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This week, the MI House voted on a Clean Slate bill package and it will soon be brought up in the Senate. The following is a statement from the Detroit Justice Center and Just Leadership USA regarding the bills and what we hope to see when the bill package goes through the Senate.



Advocates applaud expungement victory in the House, urge Senate to expand Clean Slate

Detroit, MI – On November 5, 2019, the Michigan House passed a bill package expanding expungement eligibility and, in some cases, making the expungement process automatic.

The Detroit Justice Center, JustLeadershipUSA, and our partners have worked tirelessly to introduce legislation that would begin to right the ship of nearly six decades of over-policing and mass criminalization. We have hosted regional convenings, listening sessions, arts and advocacy events, expungement workshops and helped prepare directly impacted people for public testimony. At every step of the process, we’ve consulted with the people who this bill package aims to assist. With those insights, we believe that expanding the range of offenses that qualify for expungement is a positive step forward. It is also clear from our experience that automatic expungement is the only possible way for Michigan’s most over-criminalized populations to take full advantage of the process. 

With directly impacted communities leading this campaign, this has been a concentrated effort to expand this legislation in every way possible. As the bill package stands now, we have successfully defeated provisions that would require restitution and other fines and fees to be paid in full before someone’s record could be expunged. Forcing payment of restitution and fines counteracts everything these bills set out to correct. It sets up an immediate obstacle to expungement. When we know that 27.3% of people with records are persistently unemployed, making restitution a priority effectively disintegrates the ability of this legislation to be effective. If we are going to fully reckon with the failings of the current criminal legal system, we must reckon with the ways in which it consistently punishes people with low income.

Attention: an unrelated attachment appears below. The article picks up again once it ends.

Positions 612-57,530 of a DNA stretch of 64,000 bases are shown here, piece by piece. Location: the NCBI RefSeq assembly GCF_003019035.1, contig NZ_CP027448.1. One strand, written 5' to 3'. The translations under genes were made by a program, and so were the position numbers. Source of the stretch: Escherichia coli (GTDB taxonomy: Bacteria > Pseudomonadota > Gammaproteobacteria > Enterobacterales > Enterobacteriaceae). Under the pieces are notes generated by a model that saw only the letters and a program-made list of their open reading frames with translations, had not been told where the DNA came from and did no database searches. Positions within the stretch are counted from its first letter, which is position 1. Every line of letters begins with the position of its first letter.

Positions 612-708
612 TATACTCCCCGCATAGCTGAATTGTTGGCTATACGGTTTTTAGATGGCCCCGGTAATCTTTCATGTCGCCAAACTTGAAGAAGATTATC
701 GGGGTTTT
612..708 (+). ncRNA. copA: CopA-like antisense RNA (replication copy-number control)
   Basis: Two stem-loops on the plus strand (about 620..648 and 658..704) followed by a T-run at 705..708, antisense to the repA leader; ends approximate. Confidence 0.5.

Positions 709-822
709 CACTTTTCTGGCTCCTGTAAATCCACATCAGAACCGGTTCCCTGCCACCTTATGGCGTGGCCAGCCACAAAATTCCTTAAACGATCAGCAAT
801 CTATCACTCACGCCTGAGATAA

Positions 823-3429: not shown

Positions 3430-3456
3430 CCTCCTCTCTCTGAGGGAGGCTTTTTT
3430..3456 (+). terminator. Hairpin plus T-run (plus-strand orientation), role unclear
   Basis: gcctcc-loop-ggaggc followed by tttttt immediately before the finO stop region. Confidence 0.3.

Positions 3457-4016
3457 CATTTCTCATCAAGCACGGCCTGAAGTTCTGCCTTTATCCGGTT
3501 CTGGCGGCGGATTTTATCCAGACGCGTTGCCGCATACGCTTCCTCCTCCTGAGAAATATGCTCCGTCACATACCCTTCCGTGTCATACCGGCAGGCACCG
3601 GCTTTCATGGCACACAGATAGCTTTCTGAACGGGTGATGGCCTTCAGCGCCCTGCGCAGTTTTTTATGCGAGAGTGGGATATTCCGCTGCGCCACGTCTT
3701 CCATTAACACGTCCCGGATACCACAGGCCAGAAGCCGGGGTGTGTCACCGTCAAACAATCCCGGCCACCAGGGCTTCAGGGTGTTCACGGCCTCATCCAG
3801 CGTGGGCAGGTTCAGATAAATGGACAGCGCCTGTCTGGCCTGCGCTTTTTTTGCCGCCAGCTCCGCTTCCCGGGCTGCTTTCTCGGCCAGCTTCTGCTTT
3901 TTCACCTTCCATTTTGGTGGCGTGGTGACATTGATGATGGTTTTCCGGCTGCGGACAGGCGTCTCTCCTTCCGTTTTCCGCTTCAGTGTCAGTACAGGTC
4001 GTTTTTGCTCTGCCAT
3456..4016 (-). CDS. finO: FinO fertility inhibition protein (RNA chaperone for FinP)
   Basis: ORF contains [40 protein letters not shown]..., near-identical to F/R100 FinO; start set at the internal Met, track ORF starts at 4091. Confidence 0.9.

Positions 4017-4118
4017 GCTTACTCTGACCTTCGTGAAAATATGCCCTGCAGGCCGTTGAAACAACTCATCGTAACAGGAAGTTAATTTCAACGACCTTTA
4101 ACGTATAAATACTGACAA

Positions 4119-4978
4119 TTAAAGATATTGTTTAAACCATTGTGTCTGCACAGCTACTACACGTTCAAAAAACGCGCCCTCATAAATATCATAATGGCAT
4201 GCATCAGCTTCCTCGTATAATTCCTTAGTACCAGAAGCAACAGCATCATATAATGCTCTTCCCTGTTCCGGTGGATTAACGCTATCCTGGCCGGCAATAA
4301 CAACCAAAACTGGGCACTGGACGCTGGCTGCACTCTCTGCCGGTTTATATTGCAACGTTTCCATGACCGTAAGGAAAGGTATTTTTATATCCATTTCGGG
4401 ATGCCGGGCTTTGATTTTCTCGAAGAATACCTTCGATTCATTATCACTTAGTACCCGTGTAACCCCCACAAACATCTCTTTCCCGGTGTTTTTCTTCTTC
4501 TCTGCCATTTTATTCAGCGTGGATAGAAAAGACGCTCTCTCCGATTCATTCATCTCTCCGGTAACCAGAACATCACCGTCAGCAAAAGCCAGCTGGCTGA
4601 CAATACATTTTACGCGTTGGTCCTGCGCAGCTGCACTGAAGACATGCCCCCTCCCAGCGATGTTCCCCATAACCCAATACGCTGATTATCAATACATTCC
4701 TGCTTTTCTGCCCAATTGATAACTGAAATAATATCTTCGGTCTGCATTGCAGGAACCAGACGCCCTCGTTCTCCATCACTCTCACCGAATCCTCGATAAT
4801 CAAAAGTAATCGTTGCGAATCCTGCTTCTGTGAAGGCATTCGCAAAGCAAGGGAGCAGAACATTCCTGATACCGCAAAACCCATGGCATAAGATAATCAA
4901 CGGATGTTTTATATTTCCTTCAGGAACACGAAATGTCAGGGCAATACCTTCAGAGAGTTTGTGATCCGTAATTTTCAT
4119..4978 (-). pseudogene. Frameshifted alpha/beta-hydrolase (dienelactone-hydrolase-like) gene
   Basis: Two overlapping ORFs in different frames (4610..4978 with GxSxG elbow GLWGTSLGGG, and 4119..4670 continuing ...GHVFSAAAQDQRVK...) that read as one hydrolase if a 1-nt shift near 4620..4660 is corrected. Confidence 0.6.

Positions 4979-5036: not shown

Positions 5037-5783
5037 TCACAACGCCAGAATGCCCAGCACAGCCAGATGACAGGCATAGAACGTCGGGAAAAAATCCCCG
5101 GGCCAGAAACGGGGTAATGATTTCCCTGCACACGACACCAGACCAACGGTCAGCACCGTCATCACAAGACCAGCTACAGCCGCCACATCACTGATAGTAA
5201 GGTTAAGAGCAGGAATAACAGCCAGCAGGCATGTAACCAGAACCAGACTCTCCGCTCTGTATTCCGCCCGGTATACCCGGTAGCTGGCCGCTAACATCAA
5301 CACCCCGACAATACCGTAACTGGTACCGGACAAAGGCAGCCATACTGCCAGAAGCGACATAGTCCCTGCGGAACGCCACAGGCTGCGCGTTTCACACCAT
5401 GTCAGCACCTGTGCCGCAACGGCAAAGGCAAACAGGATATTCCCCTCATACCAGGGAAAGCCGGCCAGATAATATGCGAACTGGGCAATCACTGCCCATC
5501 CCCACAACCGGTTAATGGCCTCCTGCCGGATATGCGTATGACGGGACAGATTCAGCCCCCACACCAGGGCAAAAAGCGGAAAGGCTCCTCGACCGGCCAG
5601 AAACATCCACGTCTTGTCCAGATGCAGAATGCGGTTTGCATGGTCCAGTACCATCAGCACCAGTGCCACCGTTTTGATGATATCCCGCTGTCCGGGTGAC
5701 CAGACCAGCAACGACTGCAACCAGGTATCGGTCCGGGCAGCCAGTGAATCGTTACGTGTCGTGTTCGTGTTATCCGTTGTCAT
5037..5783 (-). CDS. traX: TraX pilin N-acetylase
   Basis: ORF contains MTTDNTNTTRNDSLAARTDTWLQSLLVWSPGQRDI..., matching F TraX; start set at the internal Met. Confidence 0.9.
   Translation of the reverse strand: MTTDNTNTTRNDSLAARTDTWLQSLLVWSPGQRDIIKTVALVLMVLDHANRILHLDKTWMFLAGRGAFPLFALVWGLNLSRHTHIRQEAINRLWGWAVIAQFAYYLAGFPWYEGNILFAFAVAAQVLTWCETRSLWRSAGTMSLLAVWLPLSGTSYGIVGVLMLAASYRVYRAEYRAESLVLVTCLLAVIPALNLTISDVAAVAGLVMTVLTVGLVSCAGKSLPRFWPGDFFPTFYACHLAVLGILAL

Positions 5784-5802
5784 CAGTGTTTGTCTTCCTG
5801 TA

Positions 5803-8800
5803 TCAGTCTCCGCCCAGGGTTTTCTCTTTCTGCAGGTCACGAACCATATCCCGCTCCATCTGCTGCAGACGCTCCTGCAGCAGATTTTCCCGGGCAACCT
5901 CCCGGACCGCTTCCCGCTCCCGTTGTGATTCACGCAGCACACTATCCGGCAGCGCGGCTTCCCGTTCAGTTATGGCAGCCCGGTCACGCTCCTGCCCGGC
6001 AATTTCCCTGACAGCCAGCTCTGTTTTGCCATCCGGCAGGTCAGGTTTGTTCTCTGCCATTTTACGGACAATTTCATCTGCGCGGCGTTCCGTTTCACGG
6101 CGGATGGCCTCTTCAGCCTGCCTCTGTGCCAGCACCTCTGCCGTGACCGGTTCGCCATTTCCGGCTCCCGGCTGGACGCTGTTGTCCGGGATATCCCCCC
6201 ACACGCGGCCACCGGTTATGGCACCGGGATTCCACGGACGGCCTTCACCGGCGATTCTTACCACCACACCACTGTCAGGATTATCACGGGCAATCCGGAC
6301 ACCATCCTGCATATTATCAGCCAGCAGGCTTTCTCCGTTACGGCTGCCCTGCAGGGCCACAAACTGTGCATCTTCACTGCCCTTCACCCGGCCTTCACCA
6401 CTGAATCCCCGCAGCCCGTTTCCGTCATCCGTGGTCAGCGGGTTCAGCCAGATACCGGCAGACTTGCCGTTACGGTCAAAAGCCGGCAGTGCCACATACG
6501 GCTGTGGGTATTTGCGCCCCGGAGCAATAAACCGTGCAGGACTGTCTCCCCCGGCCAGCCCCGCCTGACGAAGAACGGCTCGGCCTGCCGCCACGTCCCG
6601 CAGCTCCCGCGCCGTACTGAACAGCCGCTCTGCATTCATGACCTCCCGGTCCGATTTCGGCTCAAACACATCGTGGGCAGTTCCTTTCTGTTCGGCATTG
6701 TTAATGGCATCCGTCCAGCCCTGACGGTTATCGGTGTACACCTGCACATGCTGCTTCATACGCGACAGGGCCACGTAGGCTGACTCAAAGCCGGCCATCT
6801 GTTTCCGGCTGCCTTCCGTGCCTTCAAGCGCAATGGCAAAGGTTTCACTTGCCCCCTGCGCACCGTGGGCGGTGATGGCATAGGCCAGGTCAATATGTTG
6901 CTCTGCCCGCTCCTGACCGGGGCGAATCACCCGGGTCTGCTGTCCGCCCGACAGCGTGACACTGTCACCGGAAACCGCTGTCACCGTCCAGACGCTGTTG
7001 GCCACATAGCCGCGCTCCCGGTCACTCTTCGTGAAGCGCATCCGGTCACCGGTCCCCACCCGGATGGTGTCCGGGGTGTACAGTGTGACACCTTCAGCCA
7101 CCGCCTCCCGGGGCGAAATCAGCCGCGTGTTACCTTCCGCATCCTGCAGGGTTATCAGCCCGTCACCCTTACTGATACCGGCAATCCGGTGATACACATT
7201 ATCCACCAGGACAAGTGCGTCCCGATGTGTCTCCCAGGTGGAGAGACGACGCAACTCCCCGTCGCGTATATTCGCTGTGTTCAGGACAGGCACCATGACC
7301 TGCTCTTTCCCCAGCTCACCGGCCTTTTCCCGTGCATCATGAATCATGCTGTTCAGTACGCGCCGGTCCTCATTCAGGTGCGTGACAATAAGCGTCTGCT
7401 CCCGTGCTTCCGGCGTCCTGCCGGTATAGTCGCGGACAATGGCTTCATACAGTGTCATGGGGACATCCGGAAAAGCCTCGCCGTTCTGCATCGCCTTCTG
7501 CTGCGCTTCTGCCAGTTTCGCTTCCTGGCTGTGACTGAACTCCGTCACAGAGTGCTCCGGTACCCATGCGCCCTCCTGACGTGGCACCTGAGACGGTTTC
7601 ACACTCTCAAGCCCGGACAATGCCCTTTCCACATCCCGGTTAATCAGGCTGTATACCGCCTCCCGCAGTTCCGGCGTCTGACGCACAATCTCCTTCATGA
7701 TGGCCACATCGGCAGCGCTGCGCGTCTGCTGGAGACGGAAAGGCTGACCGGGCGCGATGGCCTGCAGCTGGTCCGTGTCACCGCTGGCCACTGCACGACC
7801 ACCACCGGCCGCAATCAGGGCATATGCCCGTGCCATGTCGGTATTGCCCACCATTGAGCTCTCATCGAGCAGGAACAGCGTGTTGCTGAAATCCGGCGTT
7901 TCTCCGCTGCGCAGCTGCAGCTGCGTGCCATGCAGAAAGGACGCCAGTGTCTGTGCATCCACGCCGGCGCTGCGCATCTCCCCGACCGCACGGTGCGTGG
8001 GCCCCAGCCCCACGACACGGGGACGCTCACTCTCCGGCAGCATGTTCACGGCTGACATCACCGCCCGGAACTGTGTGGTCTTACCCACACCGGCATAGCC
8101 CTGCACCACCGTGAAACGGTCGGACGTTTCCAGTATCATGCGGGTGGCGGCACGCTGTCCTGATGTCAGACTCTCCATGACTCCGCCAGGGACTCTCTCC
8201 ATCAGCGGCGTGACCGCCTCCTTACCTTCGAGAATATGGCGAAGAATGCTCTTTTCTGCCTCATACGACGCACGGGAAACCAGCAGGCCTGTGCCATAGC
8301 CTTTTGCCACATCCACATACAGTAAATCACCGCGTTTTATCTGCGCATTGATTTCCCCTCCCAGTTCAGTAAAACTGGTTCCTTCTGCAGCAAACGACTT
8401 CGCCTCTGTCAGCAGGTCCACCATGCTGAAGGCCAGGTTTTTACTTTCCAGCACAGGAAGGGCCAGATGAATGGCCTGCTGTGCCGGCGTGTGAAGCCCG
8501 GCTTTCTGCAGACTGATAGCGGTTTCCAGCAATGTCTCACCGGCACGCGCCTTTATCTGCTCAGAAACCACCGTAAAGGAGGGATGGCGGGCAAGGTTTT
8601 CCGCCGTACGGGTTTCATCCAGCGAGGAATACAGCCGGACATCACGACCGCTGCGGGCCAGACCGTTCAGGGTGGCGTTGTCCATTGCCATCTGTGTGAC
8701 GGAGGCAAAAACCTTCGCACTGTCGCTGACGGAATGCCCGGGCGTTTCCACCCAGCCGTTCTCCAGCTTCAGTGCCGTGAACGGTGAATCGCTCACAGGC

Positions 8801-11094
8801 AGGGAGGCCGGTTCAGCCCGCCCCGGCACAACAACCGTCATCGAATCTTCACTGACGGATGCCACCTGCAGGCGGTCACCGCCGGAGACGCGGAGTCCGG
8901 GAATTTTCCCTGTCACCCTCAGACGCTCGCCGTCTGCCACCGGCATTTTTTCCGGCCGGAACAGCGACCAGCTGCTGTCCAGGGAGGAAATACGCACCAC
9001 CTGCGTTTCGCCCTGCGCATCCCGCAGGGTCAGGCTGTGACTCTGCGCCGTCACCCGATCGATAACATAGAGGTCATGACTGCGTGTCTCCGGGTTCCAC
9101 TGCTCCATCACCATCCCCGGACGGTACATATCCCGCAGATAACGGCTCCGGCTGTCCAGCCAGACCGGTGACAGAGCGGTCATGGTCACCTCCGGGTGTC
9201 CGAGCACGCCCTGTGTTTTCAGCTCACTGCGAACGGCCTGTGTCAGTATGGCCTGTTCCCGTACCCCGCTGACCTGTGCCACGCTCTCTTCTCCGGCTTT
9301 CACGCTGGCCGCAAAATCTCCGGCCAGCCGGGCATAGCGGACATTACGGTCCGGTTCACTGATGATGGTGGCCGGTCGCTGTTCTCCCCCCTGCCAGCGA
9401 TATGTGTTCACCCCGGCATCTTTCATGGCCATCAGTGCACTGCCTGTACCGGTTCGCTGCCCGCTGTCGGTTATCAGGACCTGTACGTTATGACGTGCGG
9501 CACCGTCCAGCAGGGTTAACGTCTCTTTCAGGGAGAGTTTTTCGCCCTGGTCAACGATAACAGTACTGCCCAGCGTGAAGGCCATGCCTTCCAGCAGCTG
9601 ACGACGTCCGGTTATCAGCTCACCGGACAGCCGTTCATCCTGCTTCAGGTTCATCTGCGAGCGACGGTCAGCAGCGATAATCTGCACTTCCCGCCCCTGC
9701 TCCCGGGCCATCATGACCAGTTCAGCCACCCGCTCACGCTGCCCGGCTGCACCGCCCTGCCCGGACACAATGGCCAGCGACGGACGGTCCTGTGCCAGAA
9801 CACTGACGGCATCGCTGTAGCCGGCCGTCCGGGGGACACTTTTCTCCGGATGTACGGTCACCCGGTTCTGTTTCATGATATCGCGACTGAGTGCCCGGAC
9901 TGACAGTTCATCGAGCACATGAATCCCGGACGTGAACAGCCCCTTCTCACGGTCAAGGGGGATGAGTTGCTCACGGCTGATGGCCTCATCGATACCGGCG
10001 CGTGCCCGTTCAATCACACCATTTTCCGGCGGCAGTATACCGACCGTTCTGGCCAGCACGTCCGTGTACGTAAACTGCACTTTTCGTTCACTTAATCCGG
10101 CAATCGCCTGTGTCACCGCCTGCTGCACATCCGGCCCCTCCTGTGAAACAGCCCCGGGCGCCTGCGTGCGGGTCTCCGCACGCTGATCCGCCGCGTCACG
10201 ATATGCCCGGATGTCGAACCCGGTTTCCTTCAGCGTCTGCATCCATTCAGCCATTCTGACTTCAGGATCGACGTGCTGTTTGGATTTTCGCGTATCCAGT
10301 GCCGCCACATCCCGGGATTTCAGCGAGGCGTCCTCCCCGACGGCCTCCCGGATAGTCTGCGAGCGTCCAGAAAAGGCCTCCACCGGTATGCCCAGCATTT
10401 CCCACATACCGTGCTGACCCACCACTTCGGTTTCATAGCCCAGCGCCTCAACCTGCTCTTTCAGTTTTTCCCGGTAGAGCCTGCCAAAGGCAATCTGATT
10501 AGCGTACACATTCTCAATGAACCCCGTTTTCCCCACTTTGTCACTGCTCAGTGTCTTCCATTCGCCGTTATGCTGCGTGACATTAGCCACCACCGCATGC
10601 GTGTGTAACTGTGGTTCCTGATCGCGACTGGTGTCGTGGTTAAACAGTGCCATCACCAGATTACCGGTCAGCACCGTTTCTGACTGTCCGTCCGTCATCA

The Senate bills and the final legislation must expand automatic expungement to include unlimited misdemeanors after five years, and maintain the House bills’ position on restitution. We believe that the Legislature can make big and bold policy statements that reflect community needs and begin to reckon with the need for true transformative justice. 

“If this bill package is to impact the communities that have been brutalized by disinvestment and retrenchment of public services and terrorized by over-policing and mass criminalization for decades, it must address automatic set-asides in the most comprehensive form possible. We believe this is the only way this package is just, and reflective of community need.” Megan French-Marcelin, Campaign Director, WORKINGfuture

“Legislation should always reflect the needs of those most impacted by the system. Organizers in our coalition spent months in communities throughout Michigan speaking with individuals living with a criminal record and their families to ensure their voices were heard in this process. For this bill package to truly succeed, we should be pushing for legislation that mirrors the data collected in the listening sessions.”  Danielle Dillard, Campaigns and Advocacy Coordinator, Detroit Justice Center

“We have an obligation to the communities most affected by the criminal legal system.  This extends beyond seeking out their assistance when creating policy; we must recognize that they have the expertise when it comes to this process. We know that applying for expungement is both extremely difficult to navigate and costly, which is why automatic expungement is so important. With the restrictions in the current bill that limit the type and amount of misdemeanors that are automatically expunged, many people, including many of our clients, will still not be able to benefit from this bill as they should.” Amanda Alexander, Founding Executive Director, Detroit Justice Center